WASHINGTON — Washington. -- That costly anachronism, the VA hospital system, is in the news again for low-quality and dangerous medical care. The system survives on political pull and misguided notions of what's good for those who served their country. It should be shut down.
The $11 billion a year currently spent on this antiquity could buy a lot of first-class non-government health care for veterans who really deserve it -- those with service-connected disabilities. These patients receive priority for VA care, but, as our high-casualty wars recede into history, they comprise a declining population.
Increasingly, the VA is a medical system for veterans who served without injury but who are eligible for free care if they're poor enough. In unintended fashion, the VA thus functions as a safety net for a particular slice of the population -- needy, elderly men. They are indeed fortunate to have access to this system, inadequate as it may be, but with the nation suffering from a glut of private hospital beds, the rationale for these expensive and selective oases of federal medicine is difficult to establish.
With 172 hospitals and hundreds of outpatient clinics and nursing homes, the Department of Veterans Affairs runs the biggest health-care empire in the country. In medical circles, however, the VA hospital system is not esteemed for quality.
Its patient load, 95 percent male and generally well along in years, tends to isolate the VA from mainstream medicine. Many patients who are eligible for its free services usually go elsewhere if they can afford it. Of the nation's 27 million living vets, only about 3.5 million use the VA system.
Big and expensive, but still underfunded, VA health care is an oddity on the medical landscape -- a leftover from the post-World War I era when proper medical services did not exist for veterans. And so it grew and grew, swelling even further after World War II.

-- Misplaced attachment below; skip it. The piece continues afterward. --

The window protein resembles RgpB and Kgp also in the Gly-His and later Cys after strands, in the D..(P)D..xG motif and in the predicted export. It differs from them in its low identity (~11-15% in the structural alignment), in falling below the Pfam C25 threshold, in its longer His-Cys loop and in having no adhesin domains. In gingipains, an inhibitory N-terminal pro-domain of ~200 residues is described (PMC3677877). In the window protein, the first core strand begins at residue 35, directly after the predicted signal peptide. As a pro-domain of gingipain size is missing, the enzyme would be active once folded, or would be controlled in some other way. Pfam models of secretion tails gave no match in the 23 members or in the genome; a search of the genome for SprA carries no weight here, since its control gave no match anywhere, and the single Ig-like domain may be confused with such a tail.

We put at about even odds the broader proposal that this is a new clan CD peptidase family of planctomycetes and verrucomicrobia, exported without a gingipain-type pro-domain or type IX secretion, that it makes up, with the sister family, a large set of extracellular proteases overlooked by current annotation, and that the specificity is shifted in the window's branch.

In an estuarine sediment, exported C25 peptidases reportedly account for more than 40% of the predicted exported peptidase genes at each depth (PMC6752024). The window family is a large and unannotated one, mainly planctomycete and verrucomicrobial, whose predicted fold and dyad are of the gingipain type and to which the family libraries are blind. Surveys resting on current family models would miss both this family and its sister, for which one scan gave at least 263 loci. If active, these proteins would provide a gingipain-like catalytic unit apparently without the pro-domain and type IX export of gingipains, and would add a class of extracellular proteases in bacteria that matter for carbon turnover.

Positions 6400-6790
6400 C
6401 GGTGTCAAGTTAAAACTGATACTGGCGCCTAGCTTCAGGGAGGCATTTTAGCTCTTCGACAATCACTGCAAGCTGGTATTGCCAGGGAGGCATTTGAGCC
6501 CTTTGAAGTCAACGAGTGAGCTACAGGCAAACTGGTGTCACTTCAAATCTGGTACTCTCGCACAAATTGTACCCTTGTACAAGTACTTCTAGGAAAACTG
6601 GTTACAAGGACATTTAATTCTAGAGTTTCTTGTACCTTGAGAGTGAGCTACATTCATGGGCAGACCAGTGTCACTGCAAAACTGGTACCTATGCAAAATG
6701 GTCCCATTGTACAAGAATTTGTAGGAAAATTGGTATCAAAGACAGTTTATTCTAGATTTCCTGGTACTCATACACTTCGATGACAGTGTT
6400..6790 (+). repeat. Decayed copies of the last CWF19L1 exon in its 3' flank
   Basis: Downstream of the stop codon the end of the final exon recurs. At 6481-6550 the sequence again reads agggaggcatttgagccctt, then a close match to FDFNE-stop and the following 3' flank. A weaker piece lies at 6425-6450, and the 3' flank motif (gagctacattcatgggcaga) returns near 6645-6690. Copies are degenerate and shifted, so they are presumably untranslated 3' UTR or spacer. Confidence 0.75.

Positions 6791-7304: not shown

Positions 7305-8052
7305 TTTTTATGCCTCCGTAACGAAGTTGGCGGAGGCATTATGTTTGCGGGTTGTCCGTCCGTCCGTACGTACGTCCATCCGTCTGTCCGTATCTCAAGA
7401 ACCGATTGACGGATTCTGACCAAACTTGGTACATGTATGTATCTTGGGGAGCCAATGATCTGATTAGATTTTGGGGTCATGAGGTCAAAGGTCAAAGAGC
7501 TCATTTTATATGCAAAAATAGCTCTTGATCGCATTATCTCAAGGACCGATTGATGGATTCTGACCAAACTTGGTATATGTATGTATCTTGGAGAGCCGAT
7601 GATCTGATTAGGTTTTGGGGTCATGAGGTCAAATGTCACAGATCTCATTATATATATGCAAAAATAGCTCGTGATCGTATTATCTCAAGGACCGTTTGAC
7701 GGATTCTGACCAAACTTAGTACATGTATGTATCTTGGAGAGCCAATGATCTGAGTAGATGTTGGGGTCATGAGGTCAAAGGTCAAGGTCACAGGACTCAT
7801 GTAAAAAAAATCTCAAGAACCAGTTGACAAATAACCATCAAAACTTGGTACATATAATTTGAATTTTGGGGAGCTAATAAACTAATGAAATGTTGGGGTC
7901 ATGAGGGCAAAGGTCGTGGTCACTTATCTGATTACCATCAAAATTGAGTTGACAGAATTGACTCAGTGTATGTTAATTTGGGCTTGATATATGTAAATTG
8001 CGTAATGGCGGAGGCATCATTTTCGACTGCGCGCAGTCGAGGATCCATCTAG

But as the country went on a hospital-building boom, and health insurance became a standard benefit of employment, the justification for the VA medical system declined. It nonetheless became a permanent fixture, revered by veterans organizations as the vets' own medical system, and opportunistically supported by politicians, most of whom really know better.
Now, another evaluation of VA medical services comes up with poor marks. Following anonymous complaints of low-quality, often dangerous care at the 1,000-bed VA Medical Center in North Chicago, Illinois, the VA inspector general found deficiencies in diagnosis and treatment, questionable surgical operations, poor supervision of staff and faulty record keeping.
In the unimpassioned prose characteristic of such reports, the -- inspector general noted, ''The review substantiated the allegations that problems existed in the quality of care for certain patients and that the center's quality-assurance program needed to be improved.''
The problems in Chicago are not untypical of the VA hospital system. According to the Joint Commission on the Accreditation of Hospitals, VA institutions rank poorly in meeting established hospital standards. Unusually high mortality rates for surgery have been reported at several VA hospitals in recent years. Chronic understaffing and overloading of facilities is a constant complaint of many who work in the VA system.
The staffing and facility problems of VA medicine could be remedied with a good deal more money. But there's little chance that will be forthcoming in the current and foreseeable economic climate.
Then why not do something that would be even better and less expensive than a pure money solution? Gradually terminate the VA system and use its billions to buy first-class health-insurance coverage for veterans who earned their country's gratitude.
That's the kind of care favored by those who can afford the best in American health. Veterans deserve no less.
Daniel S. Greenberg publishes the newsletter Science & Government Report.